Coping: Bitcoins and Wave Counts, Part II

The other day – Tuesday being the other day in question – I had a little heart-to-heart with you about using a disciplined approach to bitcoins and how the use of charts, and Elliott Wave projections in particular – was a particularly good way to “bound” expectations about the future.  It doesn’t always work, but it beats two tokes and a dart a lot of the time.

imageSo here we are three trading days later and I think we can safely revise our thinking now because the two bullish cases being presented have warrants out for “failure to appears” to put it in legalese.

The two choices before us are the stasis/decline (lower) under which the price of bitcoins drops back down to the baseline price region.  Or, under the Elliott thinking, the decline is turning into a third wave down and this morning’s data is just the start of The Bitcoin Uglies.

First the Good News:  Under the stasis model (I was asleep when I drew the charts, so ignore the misspelling), the first outcome to consider is that the decline now underway will take bitcoins down to about the Wave 1 down low.  The problem is?  That’s going to vary, depending on which bitcoin clearing outfit you want to look at when you go quoting prices.

And there’s good debate here:  Some coiners are likely to quote Mt. Gox but others will “go with the flow” [failing to notice that’s the flow of hype] and will use (for their purposes of citing the bullish case) to the highest prices quoted.  Beware those who change data sources when they don’t like the numbers!  That’s like quoting the Dow on the way up and the NASDAQ on the way down:  Intellectual dishonesty is a bitch.

Unfortunately, coiners may simply be recreating how the (already corrupt) world of nominal/real currencies works:  They ought to all be buying all the coins they can from Mt. Gox (where they are cheap) and then selling them for a good spread on higher priced coin clearing operations where the prices are higher.

Welcome to the world of intermarket arbitrage.   Under this model, the Bitcoin price would have to fall to about $550 (bitstampUSD basis).

imageExcept, (putting on my Lt. Columbo voice (you do own the series on DVD, right?)  “Ders diss one ting dat bothers me, Sir…”

If bitcoins were going to stop at the $550 level, they ought to do it, more or less, across all bitcoin houses.  And they haven’t stopped….which gets us to the next (and seemingly more likely) scenario:

Third waves are generally bigger than first waves.  Under Elliott, the third wave must be at least as large as the first wave down which means, depending on which chart you look at, things could get worse – of far worse – depending on how much mental rigor you apply.  And if you skipped your meds this morning.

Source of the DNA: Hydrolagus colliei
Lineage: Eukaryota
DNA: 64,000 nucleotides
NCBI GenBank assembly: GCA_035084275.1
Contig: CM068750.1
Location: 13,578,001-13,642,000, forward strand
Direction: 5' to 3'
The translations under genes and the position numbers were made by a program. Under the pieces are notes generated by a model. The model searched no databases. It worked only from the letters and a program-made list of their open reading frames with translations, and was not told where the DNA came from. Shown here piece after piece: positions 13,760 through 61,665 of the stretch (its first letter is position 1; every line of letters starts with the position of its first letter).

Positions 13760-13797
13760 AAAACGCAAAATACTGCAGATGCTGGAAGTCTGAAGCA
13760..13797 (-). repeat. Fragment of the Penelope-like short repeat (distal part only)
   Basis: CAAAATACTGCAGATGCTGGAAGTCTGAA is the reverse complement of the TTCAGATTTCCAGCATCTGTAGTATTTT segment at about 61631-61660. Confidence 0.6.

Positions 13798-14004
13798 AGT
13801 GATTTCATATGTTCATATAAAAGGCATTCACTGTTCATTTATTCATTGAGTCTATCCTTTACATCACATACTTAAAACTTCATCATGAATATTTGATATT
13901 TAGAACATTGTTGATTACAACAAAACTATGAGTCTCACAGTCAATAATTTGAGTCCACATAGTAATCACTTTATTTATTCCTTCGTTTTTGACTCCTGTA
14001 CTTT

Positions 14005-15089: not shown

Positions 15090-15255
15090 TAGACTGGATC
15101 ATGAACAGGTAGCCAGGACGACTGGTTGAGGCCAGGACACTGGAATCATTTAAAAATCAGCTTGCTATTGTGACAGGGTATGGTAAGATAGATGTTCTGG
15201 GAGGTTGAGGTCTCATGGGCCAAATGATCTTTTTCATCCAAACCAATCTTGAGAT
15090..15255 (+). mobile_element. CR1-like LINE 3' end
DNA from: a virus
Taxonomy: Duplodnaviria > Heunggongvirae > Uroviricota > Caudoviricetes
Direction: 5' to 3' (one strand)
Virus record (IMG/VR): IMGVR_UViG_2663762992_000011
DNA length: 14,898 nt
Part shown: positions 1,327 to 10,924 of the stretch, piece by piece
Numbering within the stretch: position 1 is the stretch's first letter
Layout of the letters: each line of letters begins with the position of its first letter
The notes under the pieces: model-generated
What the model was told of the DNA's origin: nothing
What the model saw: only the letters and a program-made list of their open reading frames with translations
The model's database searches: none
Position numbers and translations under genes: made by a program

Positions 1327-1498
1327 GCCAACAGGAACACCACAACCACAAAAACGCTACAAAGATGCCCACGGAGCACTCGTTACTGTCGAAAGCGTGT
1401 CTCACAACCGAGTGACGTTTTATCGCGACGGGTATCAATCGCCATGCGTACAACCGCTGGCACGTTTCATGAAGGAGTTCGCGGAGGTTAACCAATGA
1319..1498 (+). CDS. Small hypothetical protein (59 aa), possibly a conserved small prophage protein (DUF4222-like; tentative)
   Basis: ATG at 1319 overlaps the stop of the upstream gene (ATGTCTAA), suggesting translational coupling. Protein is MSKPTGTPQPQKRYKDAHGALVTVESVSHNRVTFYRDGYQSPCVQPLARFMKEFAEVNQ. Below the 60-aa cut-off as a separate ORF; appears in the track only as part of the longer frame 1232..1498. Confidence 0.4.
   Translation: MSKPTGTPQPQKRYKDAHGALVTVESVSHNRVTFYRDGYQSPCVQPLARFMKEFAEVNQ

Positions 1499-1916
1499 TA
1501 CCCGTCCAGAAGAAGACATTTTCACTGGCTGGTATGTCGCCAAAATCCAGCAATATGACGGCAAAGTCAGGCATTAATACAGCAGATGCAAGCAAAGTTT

OK, stopping at $550 is the extremely optimistic (under Elliott) decline scenario.  Most often, however, the Wave 3 declines are in the area of 1.5 to 1.618 times Wave 1 down.

Two charts will help us range the outcome.,  These are both available at www.bitcoincharts.com./

The first chart to consider is the 6-month average price quote “bitstampUSD”.  In  this chart, it looks like Wave 1 down was from about $1,150 down to around $550.  That’s a $600 dollar decline decline.

Given that the Wave 2 rally was up to $925, this suggests that a minimum $325 may be in the works.

However,  remember that the more typical declines are in that 1.618 times area.  So a 600 decline becomes (at 1.618 times Wave 1)  a $970 decline.

And, given that the top of wave two was 925, this suggests that there’s a chance the value of crypto currencies (at least on some exchanges) could go to zero, since Wave 2’s high ($925) minus the possible decline ($970) leaves us a negative number which would mean the end of bitcoins.

Not that it would be unexpected.

Thus, within a month, or three, we might see reports of various bitcoin clearing operations going bankrupt or shutting down.  Others may survive.

Ures truly has been consistently warning, in the face of much derision, that there are no barriers to entry into creating new digital currencies.  In fact, when I read about Max Keiser’s plans for a “Max Coin” I laughed at some length and began to gin up an UrbanSurvival currency to be named in honor of my editor in chief Zeus the Cat.   I was going to call ‘em ZeusCoins.

ZeusCoins would have as much inherent values as any other cryptocurrency, or maybe more, since instead of “making up  “work”” to do on the internet, I was going to set up an International Dead Mouse Exchange (a take off on carbon credit trading) and make a shit-load more money than coiners. We even had a plan for dog owners to participate by buying rat terriers and sending them out to “mine” their local neighborhoods.  Made as much sense as sending a PC to do stuff on the Internet, I figured.  But I digress. 

(Though I want to go on about the virtues of mouse tails, which can’t be copies with computers, and we were working with all the major 3D meat printer companies to ensure no one could scan and 3D print faux mouse tails as a hack.  In fact, our anti-mouse tail scanning code is already deployed, so go ahead, try and 3D print a mousetail and I’m sure you’re find our micro encrypted serial numbers.  Just like when you color scan a dollar bill.  Seriously!  [Or  nearly so…])

Alt. Outcome:  You need to go over to the Mt. Gox trading charts (thankyou again BitCoinCharts) and see how Mt. Gox overnight 6-month charts look and see how a recent quote on Bitcoins there was down to $378.5.

Again, lesson in Elliott basis the Mt. Gox data:  High around $1,180 – high for Wave 1 up.

Then a decline to $580, or so for the bottom of Wave 1 down. 

That ($1,180-$580) is our $600 decline.

Now, the Wave 2 high (the bounce) was up to about $1,050, call it. 

So the expectation table would pencil out something like this:

100% of Wave 1 decline = $450.   <— off the table, we blew through that]

150% of Wave 1 decline = $150   (a 50-50 chance of this?)

161.8% of Wave 1 decline = $79.50 (25% chance of this?)

The rest of the odds?  Well, sometimes, declines go 2.5 or 2.618 times and even more rarely 3.5+ times the original price decline.  In which case, we should be reading about our first digital currency collapse in short order (3-6 months, say).